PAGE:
Tape Delayed Q & A with MHF
So, without further adieu, here's a look into the mind of Martha Hall Findlay...circa April 2006.
1. Do you feel your lack of political experience puts you at a disadvantage?
No, for two reasons. One is that right now, the Liberal Party needs new faces and a new image, particularly in Quebec---and a whole new level of positive enthusiasm. Lack of political baggage is a benefit, whether it be sponsorship or Gomery-related, or related to past internal party divisions.
A clean, but really capable slate is, in fact, a real advantage. Most importantly, though, being a successful leader of anything, let alone a national party or a country, demands a varied skill set--one not based on political experience alone. A business background; a track record of successful entrepreneurship; the ability to speak and understand French; a proven ability to manage a team; active volunteer and community activity; involvement in environmental organizations (a key policy area)---indeed, the unique challenge of competing at the elite level in a very individualistic sport but where all one's training, travel, etc. is done as a team---those are all very useful experiences to bring to the table, and make for a pretty good resume for the job. I will add, however, that running in 2004 and almost winning, against all odds (we have heard the "dark horse" label before and proved it wrong); being acclaimed a second time as the Liberal candidate, and then stepping aside for a colleague in difficult circumstances---all point to a pretty good dose of "real" political experience.
2. Do you intend to run for the Liberals in the next election, should you fail to win the leadership?
Without question--you're stuck with me.
3. Is there anything you think the Liberal Party should do in order to help us win seats in Alberta?
I lived in Alberta for 2 years recently (2001-2003), and I loved it. We were in Calgary, but I was able to get to know quite a few folks from Edmonton as well through being on the Board of CKUA (in my humble opinion, the best radio station there is, period.) Frankly, I have a much more positive view about Alberta than many---I have said many times that there are far more liberals in Alberta than we think there are. I'm convinced that if we, as Liberals, start engaging in more discussions with Albertans, about what Albertans want and hope for---not only as Albertans but also as Canadians---we'll find a lot more common ground than people think.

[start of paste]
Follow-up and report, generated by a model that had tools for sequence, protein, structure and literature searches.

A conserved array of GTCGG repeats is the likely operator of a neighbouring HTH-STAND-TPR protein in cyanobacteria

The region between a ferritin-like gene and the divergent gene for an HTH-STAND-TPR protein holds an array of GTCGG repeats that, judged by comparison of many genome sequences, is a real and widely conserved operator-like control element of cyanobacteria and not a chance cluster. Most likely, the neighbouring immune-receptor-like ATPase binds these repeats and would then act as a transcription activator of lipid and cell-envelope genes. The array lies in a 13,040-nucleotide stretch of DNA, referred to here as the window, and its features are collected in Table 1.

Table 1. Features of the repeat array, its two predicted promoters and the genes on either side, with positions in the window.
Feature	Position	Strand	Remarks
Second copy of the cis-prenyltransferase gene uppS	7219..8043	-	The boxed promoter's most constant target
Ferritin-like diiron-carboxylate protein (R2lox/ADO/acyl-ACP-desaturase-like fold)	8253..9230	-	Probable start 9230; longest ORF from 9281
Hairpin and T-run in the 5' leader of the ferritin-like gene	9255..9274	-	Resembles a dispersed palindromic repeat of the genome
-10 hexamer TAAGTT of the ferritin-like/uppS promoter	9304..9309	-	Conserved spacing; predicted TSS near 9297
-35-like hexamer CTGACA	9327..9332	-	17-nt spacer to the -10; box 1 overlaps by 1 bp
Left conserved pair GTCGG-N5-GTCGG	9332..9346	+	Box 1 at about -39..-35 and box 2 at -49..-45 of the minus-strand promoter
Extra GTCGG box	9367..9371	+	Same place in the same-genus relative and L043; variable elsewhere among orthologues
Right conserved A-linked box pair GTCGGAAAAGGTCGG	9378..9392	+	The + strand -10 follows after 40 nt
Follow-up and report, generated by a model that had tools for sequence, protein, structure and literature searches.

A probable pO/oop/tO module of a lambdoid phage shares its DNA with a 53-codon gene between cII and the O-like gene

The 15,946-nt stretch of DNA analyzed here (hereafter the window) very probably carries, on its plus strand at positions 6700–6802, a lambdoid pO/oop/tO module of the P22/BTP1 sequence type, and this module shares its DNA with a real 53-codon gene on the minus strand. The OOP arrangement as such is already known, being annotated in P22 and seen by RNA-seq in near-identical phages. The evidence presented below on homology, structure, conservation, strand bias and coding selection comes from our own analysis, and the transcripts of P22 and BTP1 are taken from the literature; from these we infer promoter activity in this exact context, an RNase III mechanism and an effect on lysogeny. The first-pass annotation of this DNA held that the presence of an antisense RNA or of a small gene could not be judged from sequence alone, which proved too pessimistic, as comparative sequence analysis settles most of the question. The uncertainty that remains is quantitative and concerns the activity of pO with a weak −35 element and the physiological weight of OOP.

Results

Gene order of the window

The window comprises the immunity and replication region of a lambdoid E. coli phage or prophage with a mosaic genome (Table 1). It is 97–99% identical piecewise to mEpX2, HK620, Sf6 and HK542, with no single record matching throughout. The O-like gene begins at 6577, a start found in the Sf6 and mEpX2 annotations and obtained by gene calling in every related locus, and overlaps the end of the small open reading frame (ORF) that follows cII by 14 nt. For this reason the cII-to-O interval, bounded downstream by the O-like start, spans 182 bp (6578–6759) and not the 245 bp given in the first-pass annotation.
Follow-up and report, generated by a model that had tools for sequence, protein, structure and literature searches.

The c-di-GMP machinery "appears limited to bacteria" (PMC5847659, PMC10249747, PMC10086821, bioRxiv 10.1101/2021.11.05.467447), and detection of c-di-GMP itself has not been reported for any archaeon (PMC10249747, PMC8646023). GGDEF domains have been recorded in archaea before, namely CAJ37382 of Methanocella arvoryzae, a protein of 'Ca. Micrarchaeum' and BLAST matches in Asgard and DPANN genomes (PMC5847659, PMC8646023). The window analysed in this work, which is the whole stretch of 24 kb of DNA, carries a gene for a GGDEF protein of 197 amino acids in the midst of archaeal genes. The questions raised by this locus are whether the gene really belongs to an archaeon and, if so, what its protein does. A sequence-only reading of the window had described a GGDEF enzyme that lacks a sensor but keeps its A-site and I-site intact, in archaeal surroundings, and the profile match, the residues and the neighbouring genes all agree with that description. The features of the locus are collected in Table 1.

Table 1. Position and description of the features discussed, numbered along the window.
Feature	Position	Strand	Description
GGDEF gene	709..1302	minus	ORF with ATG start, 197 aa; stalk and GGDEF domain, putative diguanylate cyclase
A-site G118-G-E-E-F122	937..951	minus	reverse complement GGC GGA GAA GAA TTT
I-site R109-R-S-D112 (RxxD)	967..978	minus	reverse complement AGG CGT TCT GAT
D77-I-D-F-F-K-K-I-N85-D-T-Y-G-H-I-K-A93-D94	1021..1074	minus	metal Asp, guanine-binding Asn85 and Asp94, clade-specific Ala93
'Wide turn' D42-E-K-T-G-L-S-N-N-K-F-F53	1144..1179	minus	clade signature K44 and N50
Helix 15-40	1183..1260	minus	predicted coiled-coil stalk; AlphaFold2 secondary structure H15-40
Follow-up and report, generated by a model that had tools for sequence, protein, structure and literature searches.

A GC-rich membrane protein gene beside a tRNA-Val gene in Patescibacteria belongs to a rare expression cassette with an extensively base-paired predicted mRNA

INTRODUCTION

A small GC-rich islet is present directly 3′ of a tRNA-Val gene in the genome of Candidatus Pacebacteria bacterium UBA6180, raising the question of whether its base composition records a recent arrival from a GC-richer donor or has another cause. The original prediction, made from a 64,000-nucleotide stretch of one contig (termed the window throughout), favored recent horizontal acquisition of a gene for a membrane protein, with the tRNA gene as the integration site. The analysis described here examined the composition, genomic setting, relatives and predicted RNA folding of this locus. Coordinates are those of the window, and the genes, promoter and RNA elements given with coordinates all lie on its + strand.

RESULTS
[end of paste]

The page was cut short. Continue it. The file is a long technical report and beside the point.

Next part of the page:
I would really like to see more Albertans get involved in the leadership contest, and support candidates who actually care about Alberta and Albertans, not just for votes but because of a recognition of Alberta as a great part of Canada---someone who refuses to give up on Alberta (as we have too much in the past) but rather recognizes that there are many Albertans who would consider a Liberal alternative if we offered one to believe in, one to trust. It's time for liberal-minded Albertans to make themselves heard.
4. If you formed government without an MP from Alberta, would you consider appointing a Senator to Cabinet?
No. I was astounded at the hypocrisy showed by Harper, so soon after espousing accountability as a major plank of his platform. Cabinet Ministers should be available for questioning in the House of Commons.
There are other ways to make sure that Albertan voices and views are heard, and more importantly, listened to.
5. How often do you go to Tim Hortons? What did you order the last time you were there?
I have a confession---I really like the soup and sandwiches there, particularly ham and cheese on whole wheat--although I'm liking the Turkey Club these days. Don't forget, we're now traveling the country on our Tour Bus---we're definitely regulars.
But my confession is that I'm a real fan of Continental Dark coffee at Second Cup. [ed note: Now there's a candidate not afraid to say unpopular things!]
6. If you were Prime Minister, Is there anyone in the Conservative Party who you would give a Cabinet Position to, if they agreed to cross the floor?
No. I have long been on record as not supporting floor crossing (without knowing how it would ultimately affect me so personally). I have all respect for MPs who no longer feel comfortable with the party they started with---but we must also show respect for the electorate. All studies show that voters vote first for a party, then for a leader, and only third do they vote for the individual. As such, any individual MP who chooses not to stay with his or her original party should sit as an independent until the next election, at which time s/he can put the choice back to the electorate.
We are in an age of such cynicism and of such skepticism about politicians and their motives---this is the least we should expect.
7. Would you pass legislation banning the Canadian Tire Guy from appearing in any commercials?
I guess one benefit to being so late with this questionnaire is that this decision has already been made -- at least for Canadian Tire ads, anyway.